Wednesday, 29 June 2011

The Cold Weather Guys - a short story

James Martin lay in his bunk, flicking through the pages of Esquire and taking an easy drag on a Lucky Strike. It was two in the morning and getting light outside. Outside he could hear the distant drone of aero engines warming up across the base. It would soon be time for his first operational mission of the Cold War - flying across the Arctic to Russia, into Soviet airspace, to photograph airbases from which the Red Air Force could launch attacks against the USA. He scratched his chest and made his way to the shower room for a wash. A mission that officially was not taking place. He felt apprehensive yet marvellously excited.

It was the summer of 1951. The Korean War was not going well, the Soviet Union had long since ceased to be America's ally. The previous fall, James had heard some general on the radio talking about the danger that the free world was in, what with Communist Chinese troops pushing the United Nations forces down the Korean peninsula. He knew what he had to do - rush down to the recruitment office and sign on again, nearly six years after being demobilised at the end of WWII.

But then, saving the free world was only part of it. Hell, it was a tiny part of it. James had failed to find himself after the Pacific war. God knows he'd tried to keep himself out of it long enough - a farm deferment on account of his dad dying and him having to keep the family farm going, he was a damned good mechanic and could keep all that machinery going - but they got him in the end. He got his call-up papers in May '44, bid farewell to his mother and girlfriend and - on the day after D-Day, had his hair cut and became a Marine.

Throughout basic training he'd always be making one thing clear about himself - James Martin was more valuable to the USA as a mechanic than as a warrior. After he made some miraculous repairs to his unit's trucks and and the base commander's motorbike, he found himself transferred to the Marine Air Wing. He spent the rest of the war fixing broken piston engines on fighter planes based on Tarawa and other Pacific island bases. Although he was not one to get into harm's way unnecessarily, James had always fancied flying - something that had bugged him since childhood living close to Plane-O-Field, near Bowling Green, Kentucky. His mechanical skills and aptitude to learn technical stuff quick got him promoted as a flight mechanic, getting him airborne on long-range patrol and reconnaissance types just before the war ended.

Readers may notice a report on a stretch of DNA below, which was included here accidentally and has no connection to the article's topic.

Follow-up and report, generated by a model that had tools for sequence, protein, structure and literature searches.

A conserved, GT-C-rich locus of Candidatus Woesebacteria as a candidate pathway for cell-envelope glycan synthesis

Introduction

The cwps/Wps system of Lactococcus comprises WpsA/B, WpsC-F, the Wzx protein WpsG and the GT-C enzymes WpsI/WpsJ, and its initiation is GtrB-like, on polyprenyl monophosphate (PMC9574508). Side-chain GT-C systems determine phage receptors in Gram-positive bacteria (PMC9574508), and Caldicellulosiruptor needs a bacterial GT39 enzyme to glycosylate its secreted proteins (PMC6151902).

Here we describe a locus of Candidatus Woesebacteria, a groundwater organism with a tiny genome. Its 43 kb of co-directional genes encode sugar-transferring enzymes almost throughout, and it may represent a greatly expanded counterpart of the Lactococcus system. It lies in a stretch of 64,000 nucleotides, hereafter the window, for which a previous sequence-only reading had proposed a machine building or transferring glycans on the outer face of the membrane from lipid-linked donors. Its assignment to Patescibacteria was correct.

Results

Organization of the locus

He got home in the fall of 1945 to find his mother had just died, the family farm sold to pay off debts. Just a little money was left for him, his parents' only child. So he spent it on a big motorcycle and joined a biker gang, terrorizing respectable citizens from the Midwest up to Pacific and across to the East Coast. His attempts at settling down never amounted to much. He'd got a routine job in New York City just before Christmas 1946, mechanic for a delivery van company. Had a steady girl - Evelyn - but hell, she kept wanting from him, always wanting; he didn't feel right settling; so in the summer of 1948 he roared off into the night and rode all the way to Duluth, Minnesota, to try something new - new city, new job, new girl - but it still didn't feel right for him.

So he tried to pin down why he was dissatisfied; he craved freedom, excitement - action - the War had given him just a touch of this but without any heroism he could brag about. He'd loved flying, even as a flight mechanic, it felt good to be up there above the clouds. He signing up with the Minnesota Air National Guard as a 'weekend warrior'; a chance to learn to be a pilot - but they wouldn't let him, just fix engines. Then the Korean War kicked off. He rushed to the recruitment station and signed up. USAF this time. But not Korea though. To the far north he was assigned. After training, he ended up in a strategic reconnaissance squadron. And now he was going to fly over the North Pole to spy on the Reds.

Kitted up, Corporal James Martin crossed the tarmac to the waiting aircraft, a huge ten-engined RB-36D Peacemaker. The plane was capable of staying aloft for two whole days; its cameras could photograph a golf ball from 40,000 ft. James's job was to ensure it stayed airborne for the duration of the covert mission. He boarded the giant craft, proud to be serving his country again.

[Stay tuned for Part II - click here!]

This time last year:
Bike ride along the banks of the Vistula

This time two years ago:
Three hill walks around Dobra

This time three years ago:
90th Anniversary of the Polish Navy

This time four years ago:
Memory and comfort

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